Mount Vernon The plight of the Native Americans through history is nothing to be proud of.
The treaties that weren’t honored, the Nez Perce surrender and the Cherokee’s “trail of tears” in 1838 are not highpoints in American history, yet it didn’t appear to dampen the enthusiasm in Fort Hunt Park when the National Indigenous Circle gathered for the first American Indian Heritage Day.
Tehumtya was one of the organizers for the May 14 event, and appreciated the cooperation between the National Park Service, the National Indigenous Circle (NIC), veterans and the Six Nation Iroquois Smoke Dancers. “It’s a healing event,” said Rachel LeQuire of the park service.
The healing she spoke of was healing of the mistakes of the past, the misconceptions about Native Americans, and the environment which they have relied on through the years. It was Mother’s Day, so “mother earth,” was mentioned more than once. Apensanahkwat, part Menominee and part Ojibway was in from Wisconsin where his relatives grew up. “When I’m dancing, I am dancing for my life, for the creator. Everything we do in life has to do with the creator,” he said.
The Hollywood version of the Native American has been etched on many minds, but it’s filled with misrepresentations. Although the colorful outfits adorned with feathers were part of the show, it’s not the whole story. “We want to be able to tell all stories, bring the missing piece back,” said LeQuire. “We want to clear up misconceptions,” she said.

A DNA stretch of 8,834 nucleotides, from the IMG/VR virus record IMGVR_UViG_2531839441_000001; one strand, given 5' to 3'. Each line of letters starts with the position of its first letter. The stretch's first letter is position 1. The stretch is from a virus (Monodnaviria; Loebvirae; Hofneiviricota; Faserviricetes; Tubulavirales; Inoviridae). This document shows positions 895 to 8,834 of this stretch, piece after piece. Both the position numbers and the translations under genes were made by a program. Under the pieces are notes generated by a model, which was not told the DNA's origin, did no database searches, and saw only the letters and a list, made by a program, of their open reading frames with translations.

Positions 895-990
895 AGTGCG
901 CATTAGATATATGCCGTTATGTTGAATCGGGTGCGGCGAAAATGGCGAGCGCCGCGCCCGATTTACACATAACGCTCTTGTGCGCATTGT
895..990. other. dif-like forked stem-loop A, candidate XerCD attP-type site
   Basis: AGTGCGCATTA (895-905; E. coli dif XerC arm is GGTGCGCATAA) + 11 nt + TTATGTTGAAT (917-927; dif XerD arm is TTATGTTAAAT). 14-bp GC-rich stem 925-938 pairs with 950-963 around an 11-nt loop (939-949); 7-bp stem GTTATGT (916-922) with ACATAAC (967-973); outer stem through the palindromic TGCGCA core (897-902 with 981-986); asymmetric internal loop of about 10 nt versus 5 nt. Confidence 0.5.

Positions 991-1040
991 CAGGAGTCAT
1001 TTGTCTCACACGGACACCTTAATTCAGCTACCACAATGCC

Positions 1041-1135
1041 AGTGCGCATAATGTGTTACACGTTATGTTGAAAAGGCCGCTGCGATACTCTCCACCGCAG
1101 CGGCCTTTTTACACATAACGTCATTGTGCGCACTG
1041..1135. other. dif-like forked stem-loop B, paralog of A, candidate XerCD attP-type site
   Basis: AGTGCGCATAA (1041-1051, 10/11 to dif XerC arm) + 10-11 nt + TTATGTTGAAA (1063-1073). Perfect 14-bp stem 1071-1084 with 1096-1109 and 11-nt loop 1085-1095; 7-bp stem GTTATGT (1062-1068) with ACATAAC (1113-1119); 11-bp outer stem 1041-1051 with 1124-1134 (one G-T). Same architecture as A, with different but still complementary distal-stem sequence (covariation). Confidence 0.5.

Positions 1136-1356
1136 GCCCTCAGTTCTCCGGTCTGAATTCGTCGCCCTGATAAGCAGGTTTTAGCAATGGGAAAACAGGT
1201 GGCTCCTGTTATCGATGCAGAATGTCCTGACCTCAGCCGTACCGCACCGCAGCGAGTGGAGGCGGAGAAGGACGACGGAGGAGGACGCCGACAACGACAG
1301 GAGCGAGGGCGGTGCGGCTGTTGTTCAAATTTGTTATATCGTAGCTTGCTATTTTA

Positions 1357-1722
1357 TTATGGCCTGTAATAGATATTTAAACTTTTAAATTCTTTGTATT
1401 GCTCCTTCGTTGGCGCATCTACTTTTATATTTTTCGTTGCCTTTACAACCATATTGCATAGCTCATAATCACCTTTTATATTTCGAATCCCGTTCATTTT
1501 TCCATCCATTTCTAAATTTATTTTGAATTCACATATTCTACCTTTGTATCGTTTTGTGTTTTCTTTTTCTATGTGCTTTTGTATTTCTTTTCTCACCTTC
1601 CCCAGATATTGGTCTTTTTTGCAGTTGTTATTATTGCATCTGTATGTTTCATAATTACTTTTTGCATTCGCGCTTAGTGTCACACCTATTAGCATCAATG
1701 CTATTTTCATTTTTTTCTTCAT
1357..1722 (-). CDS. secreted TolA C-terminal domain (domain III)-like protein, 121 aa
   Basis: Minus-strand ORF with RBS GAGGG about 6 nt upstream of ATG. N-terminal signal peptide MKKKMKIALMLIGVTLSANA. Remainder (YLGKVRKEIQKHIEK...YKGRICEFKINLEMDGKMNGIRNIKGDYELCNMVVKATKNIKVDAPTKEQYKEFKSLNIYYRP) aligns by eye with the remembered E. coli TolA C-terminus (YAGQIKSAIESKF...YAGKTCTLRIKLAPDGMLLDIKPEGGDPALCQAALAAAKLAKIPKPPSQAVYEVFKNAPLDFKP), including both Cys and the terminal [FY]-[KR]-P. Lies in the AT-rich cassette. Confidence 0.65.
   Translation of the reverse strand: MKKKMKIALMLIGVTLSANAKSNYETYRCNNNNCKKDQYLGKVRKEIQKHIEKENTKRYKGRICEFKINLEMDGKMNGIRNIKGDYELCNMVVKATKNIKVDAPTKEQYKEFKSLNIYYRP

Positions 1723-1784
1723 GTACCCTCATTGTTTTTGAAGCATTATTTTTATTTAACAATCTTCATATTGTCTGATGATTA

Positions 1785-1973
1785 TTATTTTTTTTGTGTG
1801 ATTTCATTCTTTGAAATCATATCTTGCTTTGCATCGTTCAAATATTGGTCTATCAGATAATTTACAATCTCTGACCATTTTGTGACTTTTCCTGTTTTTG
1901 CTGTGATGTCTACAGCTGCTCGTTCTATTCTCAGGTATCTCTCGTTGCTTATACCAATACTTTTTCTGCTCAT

The dancing and drum circle were a focus as well as “smudging with sage,” a ceremonial practice with a smoking tray of sage that’s breathed in before the dance. This is a spiritual communion that has a direct effect on reducing stress and has links to the Native American culture, according to the Mind, Body, Green website. Dancers inhaled it before they entered the circle.
The land Fort Hunt Park is on was once occupied by the Doeg or Dogue tribe, which Dogue Creek was named after. This creek still winds through Huntley Meadows Park and Mount Vernon before emptying in the Potomac River. “The Dogue people are now extinct, the same fate as many other tribes,” said LeQuire. She tried to stay on track with the uplifting ceremony, but “I don’t want to shy away from the truth,” she said. Eventually George Washington owned the land before it became a park.
In fact, the lease for the original 13 colonies, which includes Virginia, is still in place, said Tehumtya. “Iroquois owned the 13 colonies, it’s leased to the U.S. government,” he said. Tehumtya didn’t dwell on it though. “My thought is about the future, not about yesteryear,” he said.
The event was the first event of this type but the National Park Service and the NIC hope it continues and grows each year. “We’ll see how it goes,” said LeQuire.